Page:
Groups Warn Seniors to Beware of Reverse Mortgages
The U.S. senior community is warming up to reverse mortgages, but the product's increasing popularity also is breeding a new crop of unscrupulous brokers, lenders, and loan agents who are taking advantage of the nation's elderly.
In general, reverse mortgages allow home owners who are 62 and older to borrow against their home equity without having to repay the money until the home is sold or the borrower dies or permanently moves out.
But the mortgages have some groups concerned. Speaking at a recent hearing before the Senate Special Committee on Aging, legislators and consumer advocates warned that, without better loan counseling and tougher government oversight, a flood of older home owners could be pressured into taking out inappropriate loans — just as millions of mortgage borrowers were persuaded to accept subprime loans that are now going into default at a rapid clip.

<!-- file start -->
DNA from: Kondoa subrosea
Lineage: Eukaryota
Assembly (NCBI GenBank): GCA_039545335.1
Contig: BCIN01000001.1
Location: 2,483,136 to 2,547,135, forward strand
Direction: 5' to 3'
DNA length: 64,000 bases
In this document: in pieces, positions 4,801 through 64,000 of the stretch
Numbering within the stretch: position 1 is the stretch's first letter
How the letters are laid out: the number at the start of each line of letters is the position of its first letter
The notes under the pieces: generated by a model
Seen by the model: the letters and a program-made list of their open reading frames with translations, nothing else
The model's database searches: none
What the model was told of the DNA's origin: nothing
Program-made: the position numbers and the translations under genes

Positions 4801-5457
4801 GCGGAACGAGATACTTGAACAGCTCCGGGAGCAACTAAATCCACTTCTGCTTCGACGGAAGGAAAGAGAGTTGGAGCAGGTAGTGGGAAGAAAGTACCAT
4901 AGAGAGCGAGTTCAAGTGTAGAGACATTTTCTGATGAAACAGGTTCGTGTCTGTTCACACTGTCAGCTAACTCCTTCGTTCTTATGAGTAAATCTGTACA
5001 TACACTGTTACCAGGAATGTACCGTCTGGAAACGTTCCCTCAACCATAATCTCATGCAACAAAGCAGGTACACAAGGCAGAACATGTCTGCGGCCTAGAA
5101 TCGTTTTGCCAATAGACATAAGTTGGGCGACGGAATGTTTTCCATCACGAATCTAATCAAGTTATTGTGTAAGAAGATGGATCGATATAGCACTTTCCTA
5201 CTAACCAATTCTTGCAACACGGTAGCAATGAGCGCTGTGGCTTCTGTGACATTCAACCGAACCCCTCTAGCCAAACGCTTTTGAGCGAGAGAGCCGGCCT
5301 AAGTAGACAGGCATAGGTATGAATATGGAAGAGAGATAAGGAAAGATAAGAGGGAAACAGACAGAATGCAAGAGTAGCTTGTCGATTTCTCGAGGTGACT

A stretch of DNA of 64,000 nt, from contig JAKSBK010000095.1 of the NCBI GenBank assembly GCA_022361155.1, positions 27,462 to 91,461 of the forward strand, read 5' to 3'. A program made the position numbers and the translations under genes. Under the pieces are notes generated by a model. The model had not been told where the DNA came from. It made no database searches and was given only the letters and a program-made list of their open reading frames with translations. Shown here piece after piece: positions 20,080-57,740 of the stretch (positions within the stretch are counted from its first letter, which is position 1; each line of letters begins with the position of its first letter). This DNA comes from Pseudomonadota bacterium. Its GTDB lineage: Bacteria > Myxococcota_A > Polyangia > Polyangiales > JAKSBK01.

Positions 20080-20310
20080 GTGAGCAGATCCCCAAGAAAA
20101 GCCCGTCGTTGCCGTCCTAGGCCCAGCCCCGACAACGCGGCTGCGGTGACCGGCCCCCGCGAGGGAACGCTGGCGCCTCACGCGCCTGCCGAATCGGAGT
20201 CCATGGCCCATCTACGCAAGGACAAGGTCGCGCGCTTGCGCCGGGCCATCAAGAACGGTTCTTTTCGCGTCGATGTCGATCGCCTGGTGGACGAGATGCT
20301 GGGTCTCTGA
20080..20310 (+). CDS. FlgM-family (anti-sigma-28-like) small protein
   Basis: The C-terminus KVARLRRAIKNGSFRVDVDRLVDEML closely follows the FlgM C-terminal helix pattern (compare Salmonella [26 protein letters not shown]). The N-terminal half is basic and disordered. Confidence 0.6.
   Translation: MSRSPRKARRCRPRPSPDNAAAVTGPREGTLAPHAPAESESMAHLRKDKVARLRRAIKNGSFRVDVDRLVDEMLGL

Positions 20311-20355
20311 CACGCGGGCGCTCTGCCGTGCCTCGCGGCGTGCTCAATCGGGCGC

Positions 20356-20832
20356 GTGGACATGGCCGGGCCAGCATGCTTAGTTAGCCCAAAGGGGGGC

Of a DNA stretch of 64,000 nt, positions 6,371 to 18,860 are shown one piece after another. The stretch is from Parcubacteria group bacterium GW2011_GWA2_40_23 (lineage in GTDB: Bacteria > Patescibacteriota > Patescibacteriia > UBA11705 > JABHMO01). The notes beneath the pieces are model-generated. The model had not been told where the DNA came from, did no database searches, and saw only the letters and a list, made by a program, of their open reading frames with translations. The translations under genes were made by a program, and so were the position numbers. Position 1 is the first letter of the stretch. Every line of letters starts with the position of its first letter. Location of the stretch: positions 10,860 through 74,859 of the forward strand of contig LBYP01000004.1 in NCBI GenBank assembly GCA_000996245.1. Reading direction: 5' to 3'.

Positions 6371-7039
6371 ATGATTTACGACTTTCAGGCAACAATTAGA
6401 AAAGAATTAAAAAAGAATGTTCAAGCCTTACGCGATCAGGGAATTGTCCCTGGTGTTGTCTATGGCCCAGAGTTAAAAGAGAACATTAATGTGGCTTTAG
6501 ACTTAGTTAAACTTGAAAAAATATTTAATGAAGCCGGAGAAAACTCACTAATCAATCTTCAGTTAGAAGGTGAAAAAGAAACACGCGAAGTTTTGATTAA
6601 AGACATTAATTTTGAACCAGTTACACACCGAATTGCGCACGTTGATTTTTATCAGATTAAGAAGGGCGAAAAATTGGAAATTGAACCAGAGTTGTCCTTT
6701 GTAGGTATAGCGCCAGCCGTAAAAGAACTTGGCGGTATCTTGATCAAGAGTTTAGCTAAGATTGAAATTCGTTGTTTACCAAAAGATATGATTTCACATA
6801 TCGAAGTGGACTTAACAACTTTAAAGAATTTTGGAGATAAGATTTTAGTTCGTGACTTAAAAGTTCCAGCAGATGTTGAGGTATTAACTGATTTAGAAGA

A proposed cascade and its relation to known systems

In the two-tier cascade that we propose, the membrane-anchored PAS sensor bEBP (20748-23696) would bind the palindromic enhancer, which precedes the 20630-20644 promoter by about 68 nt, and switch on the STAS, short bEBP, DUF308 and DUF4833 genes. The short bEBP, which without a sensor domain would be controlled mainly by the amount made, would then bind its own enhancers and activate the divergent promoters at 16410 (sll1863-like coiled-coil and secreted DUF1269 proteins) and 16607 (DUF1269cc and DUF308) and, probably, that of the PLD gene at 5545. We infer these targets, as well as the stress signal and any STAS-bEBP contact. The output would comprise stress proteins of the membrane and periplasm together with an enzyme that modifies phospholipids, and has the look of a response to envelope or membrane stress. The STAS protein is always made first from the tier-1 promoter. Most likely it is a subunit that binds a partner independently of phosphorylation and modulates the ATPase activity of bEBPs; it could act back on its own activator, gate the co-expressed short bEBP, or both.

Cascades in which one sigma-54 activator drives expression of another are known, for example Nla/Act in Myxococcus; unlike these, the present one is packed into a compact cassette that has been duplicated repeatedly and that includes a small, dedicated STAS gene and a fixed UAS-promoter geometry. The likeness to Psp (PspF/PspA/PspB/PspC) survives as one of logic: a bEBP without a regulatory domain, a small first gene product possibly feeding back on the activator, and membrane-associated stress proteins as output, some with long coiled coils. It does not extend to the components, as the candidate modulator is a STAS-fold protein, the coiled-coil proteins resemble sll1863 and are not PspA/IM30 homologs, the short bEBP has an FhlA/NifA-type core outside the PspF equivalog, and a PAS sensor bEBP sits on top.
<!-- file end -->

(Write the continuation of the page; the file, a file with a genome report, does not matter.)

"We have gone through a savings and loan collapse, a stock market bubble and are currently in the middle of a lending mess," noted Sen. Claire McCaskill (D-Mo.) at the hearing. "Our goal is to make sure that the reverse mortgages don't become the scandal of the next decade."
National Reverse Mortgage Loan Association President Peter Bell says the perceived problem may be somewhat overblown. But he concedes that some sales agents who are finding themselves unemployed due to the housing downturn could be picking up jobs in the reverse mortgage sector but may have "a different type of mentality about moving transactions through quickly."
Source: Buffalo News, Tony Pugh (12/17/07)